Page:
That Tuesday evening, the other worship leader and I got together at my house to begin figuring out who was going to sing which line and how to approach harmonies. We already knew that the line about the 80s music would be part of the big finish at the end, and we even already had the idea of the band starting to playing the Cyndi Lauper song in the middle. But it was that night we decided we had to actually dance some signature 80s dances. So here we are, two grown men, in my long narrow master bathroom dancing in front of the mirror trying to choreograph this thing. That’s probably not something I should admit in public, but it’s true.
Thursday evening is our normally scheduled rehearsal for the weekend service. We did the normal process of working up the band, then adding the vocals and dialing in the sound. It was also at this time that I worked with our lighting designer. My vision for this song was it had to be over the top and completely overdone. I told our LD to pull out every trick he had and to use lots of moving lights and pulsating colors, and he came up with some pretty cool stuff. Taking some inspiration from the Conchords version—since their song was a spoof on the infamous “We Are The World” type songs— I got the idea that me, the other worship leader and the band needed to perform the song very seriously and over the top—like our lives depending on it.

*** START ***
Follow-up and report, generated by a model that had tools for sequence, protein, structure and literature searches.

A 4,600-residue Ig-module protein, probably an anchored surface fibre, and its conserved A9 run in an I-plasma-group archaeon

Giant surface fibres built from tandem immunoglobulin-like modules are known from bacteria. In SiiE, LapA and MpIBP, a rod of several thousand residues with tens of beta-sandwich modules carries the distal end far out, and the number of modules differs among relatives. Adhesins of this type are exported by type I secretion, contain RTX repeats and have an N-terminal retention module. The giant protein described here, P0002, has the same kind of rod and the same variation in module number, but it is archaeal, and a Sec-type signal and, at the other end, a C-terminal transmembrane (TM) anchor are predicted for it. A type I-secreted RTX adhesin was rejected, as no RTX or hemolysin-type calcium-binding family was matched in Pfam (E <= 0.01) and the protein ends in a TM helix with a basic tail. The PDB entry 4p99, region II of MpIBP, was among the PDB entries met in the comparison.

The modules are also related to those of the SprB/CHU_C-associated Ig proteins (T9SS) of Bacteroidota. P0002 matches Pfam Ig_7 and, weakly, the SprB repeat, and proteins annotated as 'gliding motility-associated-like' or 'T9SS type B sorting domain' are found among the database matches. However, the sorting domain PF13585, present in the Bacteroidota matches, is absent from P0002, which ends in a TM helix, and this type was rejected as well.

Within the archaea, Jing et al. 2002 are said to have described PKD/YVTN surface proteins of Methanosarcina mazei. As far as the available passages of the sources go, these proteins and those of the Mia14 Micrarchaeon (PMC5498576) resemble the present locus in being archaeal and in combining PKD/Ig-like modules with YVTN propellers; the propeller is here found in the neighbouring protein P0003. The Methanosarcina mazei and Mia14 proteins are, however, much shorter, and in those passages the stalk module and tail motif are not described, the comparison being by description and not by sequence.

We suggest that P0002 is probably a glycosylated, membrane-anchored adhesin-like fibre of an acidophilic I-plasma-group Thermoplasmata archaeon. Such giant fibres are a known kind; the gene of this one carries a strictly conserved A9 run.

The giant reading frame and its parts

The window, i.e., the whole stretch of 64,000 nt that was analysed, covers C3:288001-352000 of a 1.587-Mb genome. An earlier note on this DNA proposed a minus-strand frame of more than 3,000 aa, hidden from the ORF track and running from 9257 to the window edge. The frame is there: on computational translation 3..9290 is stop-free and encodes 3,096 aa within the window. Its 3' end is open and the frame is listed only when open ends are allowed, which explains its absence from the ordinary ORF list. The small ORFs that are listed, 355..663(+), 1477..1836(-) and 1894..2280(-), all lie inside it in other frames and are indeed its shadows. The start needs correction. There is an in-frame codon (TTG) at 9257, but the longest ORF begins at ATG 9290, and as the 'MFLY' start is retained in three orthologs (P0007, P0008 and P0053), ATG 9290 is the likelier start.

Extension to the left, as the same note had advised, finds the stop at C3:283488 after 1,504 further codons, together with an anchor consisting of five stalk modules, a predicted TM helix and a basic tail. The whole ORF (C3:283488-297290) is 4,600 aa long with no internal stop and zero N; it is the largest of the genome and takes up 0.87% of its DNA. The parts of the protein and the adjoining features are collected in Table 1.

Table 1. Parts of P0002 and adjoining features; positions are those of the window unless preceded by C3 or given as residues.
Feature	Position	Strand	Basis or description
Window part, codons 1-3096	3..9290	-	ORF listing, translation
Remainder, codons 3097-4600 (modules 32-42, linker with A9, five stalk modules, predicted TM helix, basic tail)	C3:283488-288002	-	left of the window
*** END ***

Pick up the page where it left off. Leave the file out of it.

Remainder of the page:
Here is how everything came together. It was incredible to watch this idea take shape and become a finished production in just a week and a half.